Danny Sullivan Interview, Part 1

In today's video RKG President, Adam Audette, interviews Danny (The Pope of Search) Sullivan, editor of SearchEngineLand.com, about the origins of SEO and link building. Check back for the second and third parts of Adam's interview with Danny, coming soon.



Watch Part 2 of the Danny Sullivan interview

Watch Part 3 of the Danny Sullivan interview


Adam Audette: Hello, everyone. I'm Adam Audette, President of RKG and with me today is a man who needs no introduction, Danny Sullivan.

Danny Sullivan: Hello.

Adam: Danny, great to have you here. When was the last time you were here in Bend?

Danny: 1997. I was here in 1997. There was a small group of people that your father wanted to have trained on SEO.

Adam: Ah.

Danny: So he says, "Hey, would you come out and talk to us about stuff?" We covered all of the ancient history to us now, things like meta tags, title tags, content, and all of that sort of stuff. From there we went out and conquered the world.

Adam: And so SEO wasn't really SEO. It was web design and designing for search engines, and you were kind of the only one who was thinking about the search engines back then.

Danny: Yeah. There were one or two other guys, but I was fortunate enough to come along early enough so you could start writing about it. People were going, "Oh, great. I found a source of a lot of these answers."

Adam: And back then, what was it that worked? You had directory links, and you had meta tags, and you had...

Danny: Meta tags were a big deal. People really didn't understand. Do you put all of your keywords in there? We were dealing with things like; do you put commas between the different words? If you want to be found for apple pie, do you have to say apple pie as two words, apple, and pie? It was crazy time, but people really didn't know. Some of the search engines used them, some of them didn't. Title tags were very important. Title tags are still very important, but some things carry through. Link building was just getting started. The search engines were looking at links more in just the sheer number of counts rather than the context of them, and we had directories. We had people where you would submit... The concerns that people have today about Google is too powerful, and Google can wipe out a business. Well, Google's name was Yahoo back then, and all the same concerns happened, and your degree of being successful was whether or not Yahoo accepted your carefully crafted 25 word description you gave to them or whether some editor decided, not even thinking, "Well, we'll take and shorten some of this stuff out" and wiped out some of the key words and you weren't really found at all.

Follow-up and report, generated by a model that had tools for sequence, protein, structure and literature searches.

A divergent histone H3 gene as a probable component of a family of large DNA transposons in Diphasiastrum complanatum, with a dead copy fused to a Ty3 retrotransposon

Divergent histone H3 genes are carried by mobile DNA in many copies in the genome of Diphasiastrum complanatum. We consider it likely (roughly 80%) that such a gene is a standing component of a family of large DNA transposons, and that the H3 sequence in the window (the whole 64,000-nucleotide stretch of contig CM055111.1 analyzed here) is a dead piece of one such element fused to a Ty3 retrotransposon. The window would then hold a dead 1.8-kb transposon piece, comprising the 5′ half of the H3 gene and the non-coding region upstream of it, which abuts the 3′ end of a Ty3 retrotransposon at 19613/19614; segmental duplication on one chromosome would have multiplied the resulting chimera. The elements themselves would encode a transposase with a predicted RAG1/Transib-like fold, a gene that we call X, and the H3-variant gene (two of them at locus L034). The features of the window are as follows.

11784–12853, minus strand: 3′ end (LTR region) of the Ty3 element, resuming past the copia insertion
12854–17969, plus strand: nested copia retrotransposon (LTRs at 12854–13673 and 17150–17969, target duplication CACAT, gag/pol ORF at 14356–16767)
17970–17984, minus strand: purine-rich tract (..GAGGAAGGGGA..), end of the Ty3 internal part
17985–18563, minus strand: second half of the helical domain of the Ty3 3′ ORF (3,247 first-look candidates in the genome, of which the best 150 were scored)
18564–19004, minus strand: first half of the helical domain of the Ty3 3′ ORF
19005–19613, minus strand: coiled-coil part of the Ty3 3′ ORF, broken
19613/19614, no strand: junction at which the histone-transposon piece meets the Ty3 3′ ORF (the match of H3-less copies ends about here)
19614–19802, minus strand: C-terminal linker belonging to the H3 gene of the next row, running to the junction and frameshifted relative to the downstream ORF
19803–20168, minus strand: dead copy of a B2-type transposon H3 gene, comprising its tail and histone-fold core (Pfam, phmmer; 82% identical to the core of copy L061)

Adam: Yahoo, of course, they didn't have search, right? They were a directory.

Danny: They were a directory. By a directory it was like an index card, the name of your company, the little description. They would flip through all that stuff first. If they didn't find any match, then they would go back to one of their partners and there was no way to pay to speed it up, also, so you would submit. So many people wanted to be listed, things would just take forever. It might take you months before you could actually get listed on Yahoo, if they ever got back to you at all.

Adam: I remember that game of directory submission. One of the things I did I worked on Marshall Simmonds' team, and we're going to interview Marshall here very shortly. Well, I sort of contracted for him from afar, and I would go into directories like Rex, Yahoo's directory and all of these other ones. I wish I could think of them because they were all great, and they were all different. They all had a certain way that you were supposed to submit your stuff, and you had to do it just right. There were thousands of them.

Danny: Magellan, Galaxy.

Adam: Yeah.

Danny: That was one of the reasons why I started writing and I wrote not just about the SEO tips and the directory submission tips, but I also spent a lot of time trying to talk about the search engines that I thought mattered because you would go to something like Galaxy which was a three page, maybe, 30 to 40 question type of thing that you had to fill out. You had to pick what category you wanted to be in, what biz. That was so exhausting, and in the end I started looking at some of these things, and I thought, "I don't care if I'm in Galaxy or not. No one's using it. No one's ever going to use it, so scratch that off the list and go for some things that count."